The Hypernaturals #11

With “Sublime-Lite” preparing to fire the Nephilim Fragment into the Network — an act that could potentially destroy the Quantinuum supercomputer and devastate the galaxy — the Hypernaturals embark on desperate plans to stop the looming disaster. Will the team manage to defeat the Hyper-Bads guarding the Sublime copy? Will they be able to prevent the Nephilim bullet from being fired? Will they be able to defend the Quantinuum AI? Or should they let it die?

Verdict: Thumbs up. Great action, drama, suspense, revelations, surprises. This is entirely grand fun. I’m hearing that next issue may be the last for the series — I have my fingers crossed that it’ll continue.


Ame-Comi Girls #3

We meet the Ame-Comi version of Green Lantern — a blind Chinese girl named Jade Yifei who receives her power ring while climbing a mountain and being attacked by a supervillain called the Flying Guillotine. Elsewhere, Wonder Woman, Power Girl, and Steve Trevor announce that a Justice League will be formed in Themyscira, the Chinese government plots to get its hand on Jade’s ring, Carol Ferris get a purple power ring of her own and quickly gets into a conflict with Power Girl when she mind-controls Jimmy Olsen into falling in love with her.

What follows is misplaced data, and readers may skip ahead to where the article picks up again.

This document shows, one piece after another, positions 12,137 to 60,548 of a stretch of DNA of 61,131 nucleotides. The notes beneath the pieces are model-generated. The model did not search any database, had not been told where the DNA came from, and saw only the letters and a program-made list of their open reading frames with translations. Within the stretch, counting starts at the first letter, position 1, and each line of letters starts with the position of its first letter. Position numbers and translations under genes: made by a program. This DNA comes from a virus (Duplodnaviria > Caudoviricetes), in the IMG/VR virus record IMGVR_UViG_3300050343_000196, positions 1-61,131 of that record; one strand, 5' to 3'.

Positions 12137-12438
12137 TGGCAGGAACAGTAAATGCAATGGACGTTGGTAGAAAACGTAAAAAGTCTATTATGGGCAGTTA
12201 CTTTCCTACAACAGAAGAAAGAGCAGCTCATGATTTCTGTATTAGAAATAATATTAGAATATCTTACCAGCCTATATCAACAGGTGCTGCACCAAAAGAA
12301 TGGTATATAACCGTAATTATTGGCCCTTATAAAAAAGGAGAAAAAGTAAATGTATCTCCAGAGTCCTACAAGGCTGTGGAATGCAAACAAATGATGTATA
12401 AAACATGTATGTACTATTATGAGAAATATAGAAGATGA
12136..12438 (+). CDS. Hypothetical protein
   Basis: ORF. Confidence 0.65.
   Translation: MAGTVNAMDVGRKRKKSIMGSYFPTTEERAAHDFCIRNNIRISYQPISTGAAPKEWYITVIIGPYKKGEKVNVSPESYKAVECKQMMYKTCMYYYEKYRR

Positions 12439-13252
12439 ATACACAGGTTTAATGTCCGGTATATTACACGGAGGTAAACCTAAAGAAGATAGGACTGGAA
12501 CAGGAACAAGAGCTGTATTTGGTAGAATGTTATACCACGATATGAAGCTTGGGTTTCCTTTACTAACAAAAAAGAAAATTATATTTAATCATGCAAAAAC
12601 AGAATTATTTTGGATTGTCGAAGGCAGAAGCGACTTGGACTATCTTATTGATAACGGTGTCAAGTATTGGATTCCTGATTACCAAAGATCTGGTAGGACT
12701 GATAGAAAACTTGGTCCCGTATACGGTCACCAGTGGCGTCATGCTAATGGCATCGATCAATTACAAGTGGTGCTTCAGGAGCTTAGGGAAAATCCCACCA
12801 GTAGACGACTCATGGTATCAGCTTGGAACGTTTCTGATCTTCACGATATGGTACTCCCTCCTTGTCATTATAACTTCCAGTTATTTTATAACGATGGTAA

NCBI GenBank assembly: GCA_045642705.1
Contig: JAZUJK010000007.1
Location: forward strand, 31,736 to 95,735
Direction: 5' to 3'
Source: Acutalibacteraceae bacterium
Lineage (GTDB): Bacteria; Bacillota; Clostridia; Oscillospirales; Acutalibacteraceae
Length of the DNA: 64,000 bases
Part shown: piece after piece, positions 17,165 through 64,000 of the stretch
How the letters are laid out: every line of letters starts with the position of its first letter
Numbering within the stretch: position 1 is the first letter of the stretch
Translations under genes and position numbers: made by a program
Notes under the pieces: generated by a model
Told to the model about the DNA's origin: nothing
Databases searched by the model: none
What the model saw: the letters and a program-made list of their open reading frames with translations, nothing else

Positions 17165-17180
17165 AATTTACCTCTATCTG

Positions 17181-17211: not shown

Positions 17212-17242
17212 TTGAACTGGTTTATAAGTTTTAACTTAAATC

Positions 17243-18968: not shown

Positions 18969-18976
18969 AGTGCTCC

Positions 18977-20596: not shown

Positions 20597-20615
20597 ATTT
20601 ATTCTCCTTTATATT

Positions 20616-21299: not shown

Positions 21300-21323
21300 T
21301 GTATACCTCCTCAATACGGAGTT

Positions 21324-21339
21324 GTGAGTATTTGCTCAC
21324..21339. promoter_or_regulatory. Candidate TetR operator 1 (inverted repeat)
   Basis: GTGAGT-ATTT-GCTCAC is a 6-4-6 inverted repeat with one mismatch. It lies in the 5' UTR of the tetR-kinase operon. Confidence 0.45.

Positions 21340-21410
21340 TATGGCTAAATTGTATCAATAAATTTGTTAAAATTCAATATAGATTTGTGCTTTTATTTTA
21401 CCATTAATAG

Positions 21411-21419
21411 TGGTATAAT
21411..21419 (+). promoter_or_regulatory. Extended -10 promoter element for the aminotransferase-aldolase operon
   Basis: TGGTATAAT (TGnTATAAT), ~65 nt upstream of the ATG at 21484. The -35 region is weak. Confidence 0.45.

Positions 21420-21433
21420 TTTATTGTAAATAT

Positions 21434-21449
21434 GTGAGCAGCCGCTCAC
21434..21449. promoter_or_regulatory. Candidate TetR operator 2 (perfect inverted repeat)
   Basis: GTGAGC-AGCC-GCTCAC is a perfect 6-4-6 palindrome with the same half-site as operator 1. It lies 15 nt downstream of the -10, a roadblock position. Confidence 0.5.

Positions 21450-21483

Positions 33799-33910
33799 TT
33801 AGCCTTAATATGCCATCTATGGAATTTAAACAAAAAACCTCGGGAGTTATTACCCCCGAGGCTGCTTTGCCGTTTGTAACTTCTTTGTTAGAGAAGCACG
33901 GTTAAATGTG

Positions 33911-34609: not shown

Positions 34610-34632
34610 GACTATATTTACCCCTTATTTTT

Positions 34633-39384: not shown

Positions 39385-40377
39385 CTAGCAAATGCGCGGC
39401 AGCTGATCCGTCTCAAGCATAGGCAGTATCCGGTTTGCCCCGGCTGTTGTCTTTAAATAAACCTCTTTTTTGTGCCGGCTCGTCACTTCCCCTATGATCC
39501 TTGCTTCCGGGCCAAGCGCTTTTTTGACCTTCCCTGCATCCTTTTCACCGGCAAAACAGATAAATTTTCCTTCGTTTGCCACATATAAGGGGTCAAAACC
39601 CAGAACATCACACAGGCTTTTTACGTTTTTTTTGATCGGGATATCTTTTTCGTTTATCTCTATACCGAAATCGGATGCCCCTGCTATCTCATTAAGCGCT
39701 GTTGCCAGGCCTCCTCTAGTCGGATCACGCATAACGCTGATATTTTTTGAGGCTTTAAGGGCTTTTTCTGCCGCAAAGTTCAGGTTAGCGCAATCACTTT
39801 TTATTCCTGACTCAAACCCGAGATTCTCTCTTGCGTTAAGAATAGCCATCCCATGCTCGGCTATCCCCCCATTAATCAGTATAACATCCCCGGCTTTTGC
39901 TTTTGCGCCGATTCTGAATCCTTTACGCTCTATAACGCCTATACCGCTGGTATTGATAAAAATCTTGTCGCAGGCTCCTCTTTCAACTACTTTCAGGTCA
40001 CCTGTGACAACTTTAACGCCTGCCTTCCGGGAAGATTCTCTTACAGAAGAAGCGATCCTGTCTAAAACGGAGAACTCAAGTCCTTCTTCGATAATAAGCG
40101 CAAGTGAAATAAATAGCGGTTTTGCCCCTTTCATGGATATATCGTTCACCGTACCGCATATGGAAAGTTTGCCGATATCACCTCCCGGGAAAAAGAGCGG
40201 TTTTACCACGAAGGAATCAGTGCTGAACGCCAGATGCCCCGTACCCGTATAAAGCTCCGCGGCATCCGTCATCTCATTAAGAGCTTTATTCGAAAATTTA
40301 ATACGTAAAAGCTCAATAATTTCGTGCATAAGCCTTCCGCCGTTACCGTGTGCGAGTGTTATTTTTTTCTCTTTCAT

Verdict: I’m going to thumbs this one down. Some parts of it are interesting — Jade’s character-shift into a blind Chinese daredevil, the more musical nature of the Green Lantern ring, Carol Ferris as an astronaut — but the anime-style art is getting more and more wearying. And the bit at the end where Power Girl, Star Sapphire, and every other woman in Metropolis is in love with Jimmy Olsen? That completely broke my brain, man.

Today’s Cool Links:

  • Wil Wheaton has a message for all the nerdfamilies.
  • City of Heroes, the best dang superhero MMO ever, is no more. But the people who loved the game have been inspired to create new games to replace it.
  • The new Superman is ONE OF US.

And One More Thing: